• Aerodynamics II
    • School of Aeronautics & Astronautics
    • Credit. 3
    • AV309
    • Enroll
    • Fall , 2015
    • 4994
    • Course Description:
    • ( Exchange Programme )
    • This course is a compulsory course for aerospace undergraduate students. The main contents of the course are: compressibility of fluid, small perturbation and sonic speed, and fundamental equations governing compressible fluid flow; quasi-one-dimensional isentropic flow and normal shock; quasi-one-dimensional inviscid flows with area-change, friction, and/or heat transfer; oblique shock and expansion wave; linearized subsonic and supersonic flows; method of characteristics; compressible viscous flow, boundary layer, and turbulence; introduction to computational fluid dynamics; introduction to hypersonic flow.
      Upon finishing the course, the students are expected to obtain the following basic knowledge and are capable of: (1) Formulate and apply appropriate aerodynamic models to predict the forces on and performance of two/three-dimensional high-speed configurations; (2) Assess the applicability of aerodynamic models to predict the forces on and performance of two/three-dimensional high-speed configurations and estimate the errors resulting from their application.
    • Course Syllabus:
    • After completing the course, students should be able to:
      1.Explain what characteristics air has in the context of high-speed flow;
      2.Apply flow similarity, non-dimensional coefficients such as the lift and drag coefficients, and non-dimensional parameters such as Mach number and Reynolds number in aerodynamic modeling of realistic configurations;
      3.Explain the sources of friction, induced, wave, and pressure drag;
      4.Explain the basic elements of thin airfoil potential flow models and apply them to estimate the forces on airfoils
      5.Explain the use of wind tunnel testing in aerodynamic modeling focusing on the importance of flow similarity in scale testing and on the typical corrections (e.g. wall corrections) required to simulate flight conditions
      6.Assess the ability and limitations of an aerodynamic model to estimate lift and drag (separated into friction, induced, wave, and pressure drag contributions) for a specific application;
      7.Apply linear and non-linear sensitivity analysis to quantify the impact of error or uncertainty in aerodynamic predictions on the prediction of flight vehicle performance;
    • Schedule:
    • Topics / Credit hours / Teaching methodology / Tasks / Intended learning outcomes / Assessment methods

      1.Elements of Compressible Flows: (1) Review of Thermodynamics: Perfect Gas, Internal Energy and Enthalpy, Entropy, Second Law of Thermodynamics, Isentropic Relations;(2) Definition of Compressibility; (3) Review of Governing Equations for Compressible Flows; (4) Total (Stagnation) Condition; (5) Sound Speed; Regions of Dependence and Influence / 3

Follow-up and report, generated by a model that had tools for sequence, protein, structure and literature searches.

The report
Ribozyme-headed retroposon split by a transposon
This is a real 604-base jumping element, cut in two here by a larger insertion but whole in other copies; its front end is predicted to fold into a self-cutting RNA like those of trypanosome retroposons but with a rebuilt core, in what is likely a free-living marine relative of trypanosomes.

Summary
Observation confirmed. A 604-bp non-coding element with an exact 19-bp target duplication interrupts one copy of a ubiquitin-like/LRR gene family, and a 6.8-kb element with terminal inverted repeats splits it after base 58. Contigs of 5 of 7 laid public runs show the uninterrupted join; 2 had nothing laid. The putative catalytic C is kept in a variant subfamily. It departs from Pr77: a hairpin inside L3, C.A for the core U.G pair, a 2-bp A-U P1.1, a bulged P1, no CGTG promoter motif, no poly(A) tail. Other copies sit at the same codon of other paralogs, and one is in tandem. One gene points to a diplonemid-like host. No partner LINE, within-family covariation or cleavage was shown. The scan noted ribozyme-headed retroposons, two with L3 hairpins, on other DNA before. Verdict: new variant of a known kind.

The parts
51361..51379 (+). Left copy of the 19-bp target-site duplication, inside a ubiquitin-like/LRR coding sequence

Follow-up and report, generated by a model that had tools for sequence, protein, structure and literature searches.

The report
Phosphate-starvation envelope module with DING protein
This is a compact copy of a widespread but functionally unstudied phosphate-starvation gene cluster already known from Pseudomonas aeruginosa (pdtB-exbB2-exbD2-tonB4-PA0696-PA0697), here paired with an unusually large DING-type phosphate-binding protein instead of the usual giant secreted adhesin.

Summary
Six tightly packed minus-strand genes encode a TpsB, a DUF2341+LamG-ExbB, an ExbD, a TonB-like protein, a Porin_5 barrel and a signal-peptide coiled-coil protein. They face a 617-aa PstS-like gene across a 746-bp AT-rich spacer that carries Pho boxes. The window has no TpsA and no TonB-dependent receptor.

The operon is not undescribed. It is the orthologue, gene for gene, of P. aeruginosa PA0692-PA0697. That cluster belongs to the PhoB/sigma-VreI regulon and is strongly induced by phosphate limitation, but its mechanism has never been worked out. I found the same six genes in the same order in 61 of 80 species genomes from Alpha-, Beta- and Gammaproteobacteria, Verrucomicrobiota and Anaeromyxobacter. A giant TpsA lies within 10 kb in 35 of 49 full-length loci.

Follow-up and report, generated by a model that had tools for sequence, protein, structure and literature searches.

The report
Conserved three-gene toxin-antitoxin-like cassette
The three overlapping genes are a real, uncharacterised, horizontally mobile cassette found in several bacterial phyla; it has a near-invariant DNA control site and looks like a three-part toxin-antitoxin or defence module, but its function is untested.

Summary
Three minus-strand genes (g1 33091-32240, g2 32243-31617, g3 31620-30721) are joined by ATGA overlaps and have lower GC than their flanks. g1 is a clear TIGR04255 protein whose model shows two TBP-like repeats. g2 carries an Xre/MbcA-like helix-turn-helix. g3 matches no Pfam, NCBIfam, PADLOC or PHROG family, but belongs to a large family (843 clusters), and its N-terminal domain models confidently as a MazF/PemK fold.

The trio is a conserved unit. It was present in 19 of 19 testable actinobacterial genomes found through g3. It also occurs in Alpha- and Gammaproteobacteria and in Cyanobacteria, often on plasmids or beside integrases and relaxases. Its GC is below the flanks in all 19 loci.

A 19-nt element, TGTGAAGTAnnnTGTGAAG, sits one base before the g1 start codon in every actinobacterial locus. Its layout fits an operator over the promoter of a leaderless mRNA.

2.Quasi One-Dimensional Isentropic Compressible Flows: (1)Governing Equations; (2) Flow with Simple Area Change; (3) Mass Flow Formula and Choking. / 3
      3.Normal Shock Wave: (1)Governing Equations for Normal Shock; (2) Shock Relations; (3) Measurement of Velocity in a Compressible Flow. / 3
      4.Quasi One-Dimensional Compressible Flows: (1) Flow with Simple Area Change and Normal Shock; (2) Flow inside a Laval Nozzle; (3) Flow with Simple Friction; (4) Flow with Simple Heating/Cooling; (5)Supersonic Wind Tunnel. / 6
      5.Oblique Shock and Expansion Waves: (1) Oblique Shock Relations; (2) Flow over Wedges and Cones; (3) Shock Interaction and Reflection; (4) Detached Shock; (5) Prandtl-Meyer Expansion Wave; (6) Shock-Expansion Theory: Application to Supersonic Airfoils; (7) Nozzle Exit Flow / 6
      6.Mid-Term Exam / 3
      7.Linearized Supersonic Flows: (1) Full-Velocity Potential Equation; (2) Linearized -Velocity Potential Equation; (3) Linearized Supersonic Pressure Coefficient; (4) Supersonic Airfoil / 3
      8.Method of Characteristics: (1) Quasilinear PDE; (2) Characteristic Theory; (3) Method of Characteristics Applied to 2-D Supersonic Flows; (4) Supersonic Nozzle Design / 6
      9.Linearized Subsonic Flows & Transonic Flows: (1) Prandtl-Glauert Rule; (2) Sound Barrier; (3) Area Rule; (4) Supercritical Airfoil. / 6
      10.Viscous Compressible Flow: (1) Compressible Couette Flow; (2) Compressible Poiseuille Flow; (3) Compressible Boundary Layer over a Flat Plate; (4) Reference Temperature Method; (5) Stagnation Point Aerodynamic Heating; (6) Introduction to Turbulence and Turbulence Modelling. / 9
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    • Yu Wensheng
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  • Prerequisite Course:

    Aerodynamics I or Fluid Mechanics

  • Textbooks:

    Textbook: John D. Anderson Jr. (2011), Fundamentals of Aerodynamics, 5th Edition, McGraw-Hill Book Company.
    Maurice J. Zucrow and Joe D. Hoffman, Gas Dynamics, Volumes I and II, John Wiley and Sons, Inc.
    A.H. Shapiro (1954), The Dynamics and Thermodynamics of Compressible Fluid Flow, The Ronald Press Company.
    Kuethe and Chow, Foundation of Aerodynamics, 5th Edition, John Wiley and
  • Grading:

    20% Homework
    20% Written Mid-Term Exam
    30% Written Final Exam
    30% Term Project Report and Presentation
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